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Student hardship funds for England topped up by £50m


But UCU calls the extra money ‘a sticking plaster’

The Department for Education has released an extra £50 million to help universities support students struggling financially during the pandemic, including those who are paying rent for accommodation they cannot use.

On 2 February the DfE announced that it had set aside £50 million to go to universities’ hardship funds. Institutions will use the money to help students who have lost work, have extra accommodation costs or who need to spend money to access their online education.

The DfE said the funding had been made available after “the decision by many universities and accommodation providers to offer rent rebates for students who need stay away from their term-time address”.

Many students are paying for term-time accommodation, even though most are not allowed to return to campus during lockdown.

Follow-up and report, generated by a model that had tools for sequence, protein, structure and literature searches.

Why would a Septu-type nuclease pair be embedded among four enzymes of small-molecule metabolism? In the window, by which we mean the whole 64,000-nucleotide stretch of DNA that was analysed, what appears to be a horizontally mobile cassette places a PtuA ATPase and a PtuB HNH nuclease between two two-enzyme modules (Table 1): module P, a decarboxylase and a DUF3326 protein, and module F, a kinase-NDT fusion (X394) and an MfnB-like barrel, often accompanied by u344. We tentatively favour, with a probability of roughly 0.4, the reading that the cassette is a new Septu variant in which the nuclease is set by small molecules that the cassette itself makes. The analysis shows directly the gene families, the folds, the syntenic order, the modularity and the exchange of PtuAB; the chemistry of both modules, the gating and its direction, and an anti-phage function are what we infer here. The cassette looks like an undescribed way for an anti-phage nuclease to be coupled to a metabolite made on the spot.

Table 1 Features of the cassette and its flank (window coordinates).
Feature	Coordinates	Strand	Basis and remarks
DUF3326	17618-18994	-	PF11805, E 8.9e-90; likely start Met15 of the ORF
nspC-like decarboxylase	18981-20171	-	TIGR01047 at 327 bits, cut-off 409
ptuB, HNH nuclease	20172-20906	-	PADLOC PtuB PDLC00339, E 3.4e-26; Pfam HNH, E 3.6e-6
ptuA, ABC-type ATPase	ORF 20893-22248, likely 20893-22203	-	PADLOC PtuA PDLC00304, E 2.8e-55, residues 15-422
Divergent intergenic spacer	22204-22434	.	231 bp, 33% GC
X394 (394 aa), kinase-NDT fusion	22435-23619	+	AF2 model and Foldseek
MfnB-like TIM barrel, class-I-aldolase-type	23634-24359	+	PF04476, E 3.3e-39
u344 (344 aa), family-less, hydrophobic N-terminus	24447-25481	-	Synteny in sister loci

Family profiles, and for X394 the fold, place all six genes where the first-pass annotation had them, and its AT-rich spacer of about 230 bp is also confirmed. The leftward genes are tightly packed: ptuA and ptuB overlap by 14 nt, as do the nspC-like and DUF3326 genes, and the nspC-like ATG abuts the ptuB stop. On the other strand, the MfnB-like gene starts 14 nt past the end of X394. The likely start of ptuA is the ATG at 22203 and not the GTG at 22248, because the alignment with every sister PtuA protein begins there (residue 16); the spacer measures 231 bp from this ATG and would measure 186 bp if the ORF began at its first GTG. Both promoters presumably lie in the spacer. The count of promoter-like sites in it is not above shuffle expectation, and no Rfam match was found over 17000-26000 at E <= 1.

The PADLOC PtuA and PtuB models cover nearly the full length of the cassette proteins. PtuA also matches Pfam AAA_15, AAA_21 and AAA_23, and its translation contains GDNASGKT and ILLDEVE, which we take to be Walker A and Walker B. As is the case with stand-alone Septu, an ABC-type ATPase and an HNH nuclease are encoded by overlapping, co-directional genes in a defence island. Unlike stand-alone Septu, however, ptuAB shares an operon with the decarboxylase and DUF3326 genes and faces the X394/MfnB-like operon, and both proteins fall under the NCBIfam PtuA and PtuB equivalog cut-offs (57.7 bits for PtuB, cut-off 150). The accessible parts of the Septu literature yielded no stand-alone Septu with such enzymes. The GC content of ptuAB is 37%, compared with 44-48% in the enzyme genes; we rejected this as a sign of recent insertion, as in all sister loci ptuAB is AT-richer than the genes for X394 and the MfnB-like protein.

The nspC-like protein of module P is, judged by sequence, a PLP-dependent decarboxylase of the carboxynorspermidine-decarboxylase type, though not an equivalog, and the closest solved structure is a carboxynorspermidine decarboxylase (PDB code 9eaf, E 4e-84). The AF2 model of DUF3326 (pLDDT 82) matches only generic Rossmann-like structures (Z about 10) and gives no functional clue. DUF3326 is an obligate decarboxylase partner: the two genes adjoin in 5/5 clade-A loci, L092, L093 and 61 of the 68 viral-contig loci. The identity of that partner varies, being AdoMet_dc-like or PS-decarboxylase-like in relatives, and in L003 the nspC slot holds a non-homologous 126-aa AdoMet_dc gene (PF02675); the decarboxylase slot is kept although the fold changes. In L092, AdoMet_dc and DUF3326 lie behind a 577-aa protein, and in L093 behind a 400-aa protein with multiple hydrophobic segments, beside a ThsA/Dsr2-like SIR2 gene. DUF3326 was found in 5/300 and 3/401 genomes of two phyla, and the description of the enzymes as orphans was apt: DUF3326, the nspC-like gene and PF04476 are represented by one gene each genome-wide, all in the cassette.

Universities minister Michelle Donelan said the funding would “provide real, tangible help for those students struggling financially as a result of the pandemic”.

“We will continue to prioritise a full return to education as soon possible, in line with public health advice. I am also working with universities and professional bodies to ensure students can graduate as planned,” she added.

The DfE explained that the £50m was on top of a £20m boost announced in December. It is also in addition to the government’s £256m student premium fund, which universities can also access.

But the All-Party Parliamentary Group on Students, a cross-party group of MPs and peers, said in a report last week that students in England needed around £700m to be adequately supported. The group also pointed out that although an extra £20m had been released in December, a £16m cut in funding in May last year meant there was just £4m extra funding available.

The Welsh and Scottish governments both announced in January extra hardship funding to support students. The Welsh government set aside another £40m to help students, while the Scottish government topped up its hardship funds by £30m.

Alistair Jarvis, chief executive of the vice-chancellors’ body Universities UK, said that although the extra funding was “welcome”, the DfE “must also acknowledge that student hardship is just one of many increasingly difficult issues facing students, universities and staff at this time”.